STORYTELLING FROM THE  imagiNATIONS ACTIVITY CENTER 
August 2, August 9 & September 21

The imagiNATIONS Activity Center is the museum’s space dedicated to interactive exhibits and fun activities for children of all ages. In addition to webcasting the sculpting workshop during the Living Earth Festival mentioned above, the museum will be bringing three talented Native storytellers to our webcast audience in the next few months.  


Mokihana Traditional Hula mini Gayle-ross tall

Mokihana (left) and Gail Ross. Photos courtesy of the artists

On Friday, August 2, at 11 AM and 1 PM, Mokihana (Missy Scalph), a graduate of Halau Mohala `Ilima, a traditional hula school in Kailua, Hawai`i, will share traditional hula, songs, and stories in an interactive program created to entertain and educate visitors about Native Hawaiian culture.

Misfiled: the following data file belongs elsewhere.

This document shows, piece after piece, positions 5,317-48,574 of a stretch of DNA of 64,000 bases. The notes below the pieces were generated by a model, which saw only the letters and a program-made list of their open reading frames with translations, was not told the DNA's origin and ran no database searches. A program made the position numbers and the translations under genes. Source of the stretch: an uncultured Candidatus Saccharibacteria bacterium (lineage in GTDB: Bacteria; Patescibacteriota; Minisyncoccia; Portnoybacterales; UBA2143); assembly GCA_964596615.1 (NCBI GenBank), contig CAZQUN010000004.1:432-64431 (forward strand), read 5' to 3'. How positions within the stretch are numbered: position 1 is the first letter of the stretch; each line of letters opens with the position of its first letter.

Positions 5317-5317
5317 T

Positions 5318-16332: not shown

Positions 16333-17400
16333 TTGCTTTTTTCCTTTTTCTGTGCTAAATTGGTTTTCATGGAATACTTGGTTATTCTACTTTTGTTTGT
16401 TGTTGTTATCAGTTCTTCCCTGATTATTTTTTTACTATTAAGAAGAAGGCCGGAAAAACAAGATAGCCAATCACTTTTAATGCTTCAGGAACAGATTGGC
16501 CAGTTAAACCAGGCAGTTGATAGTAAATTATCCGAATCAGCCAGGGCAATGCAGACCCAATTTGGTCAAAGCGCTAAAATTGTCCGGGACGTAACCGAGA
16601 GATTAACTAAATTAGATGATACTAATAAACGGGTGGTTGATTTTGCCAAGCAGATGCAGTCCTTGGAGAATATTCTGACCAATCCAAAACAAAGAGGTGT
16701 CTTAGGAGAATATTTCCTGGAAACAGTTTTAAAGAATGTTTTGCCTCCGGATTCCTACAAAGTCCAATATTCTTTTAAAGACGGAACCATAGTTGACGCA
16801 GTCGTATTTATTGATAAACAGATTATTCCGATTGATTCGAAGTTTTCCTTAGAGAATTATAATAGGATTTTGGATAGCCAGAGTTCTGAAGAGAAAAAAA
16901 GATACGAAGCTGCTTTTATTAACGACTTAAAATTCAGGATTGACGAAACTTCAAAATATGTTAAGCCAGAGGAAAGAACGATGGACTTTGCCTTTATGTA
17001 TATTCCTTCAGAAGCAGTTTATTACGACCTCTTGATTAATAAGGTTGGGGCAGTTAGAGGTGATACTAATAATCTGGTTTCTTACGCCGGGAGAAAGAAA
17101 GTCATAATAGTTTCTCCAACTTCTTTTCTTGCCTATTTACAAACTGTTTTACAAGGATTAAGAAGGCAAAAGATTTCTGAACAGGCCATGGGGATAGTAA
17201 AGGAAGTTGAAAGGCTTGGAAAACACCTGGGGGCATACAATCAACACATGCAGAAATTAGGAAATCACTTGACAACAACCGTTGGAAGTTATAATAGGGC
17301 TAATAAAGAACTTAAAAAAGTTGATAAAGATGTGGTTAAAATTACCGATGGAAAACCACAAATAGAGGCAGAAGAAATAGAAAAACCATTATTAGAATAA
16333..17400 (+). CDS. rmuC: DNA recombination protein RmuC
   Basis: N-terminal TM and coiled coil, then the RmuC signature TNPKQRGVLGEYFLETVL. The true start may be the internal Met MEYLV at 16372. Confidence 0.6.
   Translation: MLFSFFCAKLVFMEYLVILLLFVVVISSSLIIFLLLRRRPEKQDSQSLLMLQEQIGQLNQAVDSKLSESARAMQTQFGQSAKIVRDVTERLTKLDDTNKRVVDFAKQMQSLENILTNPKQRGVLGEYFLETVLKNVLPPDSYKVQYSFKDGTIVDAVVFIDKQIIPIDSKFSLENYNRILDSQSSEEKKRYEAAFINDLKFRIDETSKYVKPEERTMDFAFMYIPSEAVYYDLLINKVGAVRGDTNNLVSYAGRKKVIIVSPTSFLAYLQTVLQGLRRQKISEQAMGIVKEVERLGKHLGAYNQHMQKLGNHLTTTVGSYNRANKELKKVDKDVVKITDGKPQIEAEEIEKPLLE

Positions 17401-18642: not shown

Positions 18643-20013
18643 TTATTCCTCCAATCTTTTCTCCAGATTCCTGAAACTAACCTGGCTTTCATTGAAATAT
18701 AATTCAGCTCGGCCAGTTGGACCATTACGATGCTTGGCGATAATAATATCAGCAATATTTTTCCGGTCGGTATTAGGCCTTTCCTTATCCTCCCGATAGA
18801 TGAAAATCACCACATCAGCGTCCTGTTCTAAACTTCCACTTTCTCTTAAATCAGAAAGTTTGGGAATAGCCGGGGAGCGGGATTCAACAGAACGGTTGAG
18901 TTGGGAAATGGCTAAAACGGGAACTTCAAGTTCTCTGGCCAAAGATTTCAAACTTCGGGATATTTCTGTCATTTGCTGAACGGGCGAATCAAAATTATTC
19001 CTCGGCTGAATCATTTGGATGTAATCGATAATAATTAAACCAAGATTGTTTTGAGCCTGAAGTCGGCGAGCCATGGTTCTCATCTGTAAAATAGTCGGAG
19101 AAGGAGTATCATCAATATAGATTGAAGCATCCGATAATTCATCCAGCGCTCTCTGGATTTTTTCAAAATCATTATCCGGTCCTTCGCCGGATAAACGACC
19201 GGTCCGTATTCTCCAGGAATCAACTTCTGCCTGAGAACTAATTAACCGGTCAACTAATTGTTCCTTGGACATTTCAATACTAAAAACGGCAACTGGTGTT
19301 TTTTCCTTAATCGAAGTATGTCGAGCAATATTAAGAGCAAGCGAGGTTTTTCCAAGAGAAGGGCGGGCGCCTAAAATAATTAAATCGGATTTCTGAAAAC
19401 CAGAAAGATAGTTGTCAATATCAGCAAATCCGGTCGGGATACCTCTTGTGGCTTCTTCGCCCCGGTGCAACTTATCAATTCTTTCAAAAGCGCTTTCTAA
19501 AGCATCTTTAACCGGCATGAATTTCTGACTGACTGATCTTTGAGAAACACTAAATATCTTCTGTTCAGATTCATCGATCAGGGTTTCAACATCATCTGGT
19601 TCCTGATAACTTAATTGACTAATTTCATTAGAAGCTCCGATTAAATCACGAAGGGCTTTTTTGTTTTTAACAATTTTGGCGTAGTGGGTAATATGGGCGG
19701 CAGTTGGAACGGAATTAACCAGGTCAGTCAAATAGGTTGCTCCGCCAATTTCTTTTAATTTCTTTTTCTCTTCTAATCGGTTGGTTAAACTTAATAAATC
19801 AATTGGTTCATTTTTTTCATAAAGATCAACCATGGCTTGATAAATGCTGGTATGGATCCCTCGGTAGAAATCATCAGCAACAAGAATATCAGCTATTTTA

On Friday, August 9, at 1 PM and 3 PM, the museum invites you to spend some time with Gail Ross, a direct descendent of John Ross, who was Principal Chief of the Cherokee during the Trail of Tears. Gail is the author of five critically acclaimed children’s books, a distinguished lecturer, and a master of the age-old art of storytelling. Traditional Cherokee stories will be the focus of these programs. 

Grayhawk Perkins 2On Saturday, September 21, at 11 AM, Grayhawk Perkins (Choctaw/Houma), the well-known Louisiana educator, musician, and expert on Native American and Colonial American history, will take on his role as a “tribal storyteller” and share tales of ancient cultures. 

Grayhawk Perkins.
Photo courtesy of the artist

 


SYMPOSIUM: REVEALING ANCESTRAL AMERICA
September 8 

6-1259
Ulúa River vessel depicting dancers (rollout detail), AD 750–850. Honduras. 6/1259

On Sunday, September 8, from 10:30 AM to 4:15 PM, the museum will present Revealing Ancestral Central America, a symposium co-sponsored by NMAI and the Smithsonian Latino Center. The symposium features leading voices in the interpretation of Central America’s rich cultural heritage as revealed in the archeaology of the region. The exhibitionCerámica de los Ancestros: Central America’s Past Revealed is on view at the National Museum of the American Indian, Washington, D.C., through February 1, 2015.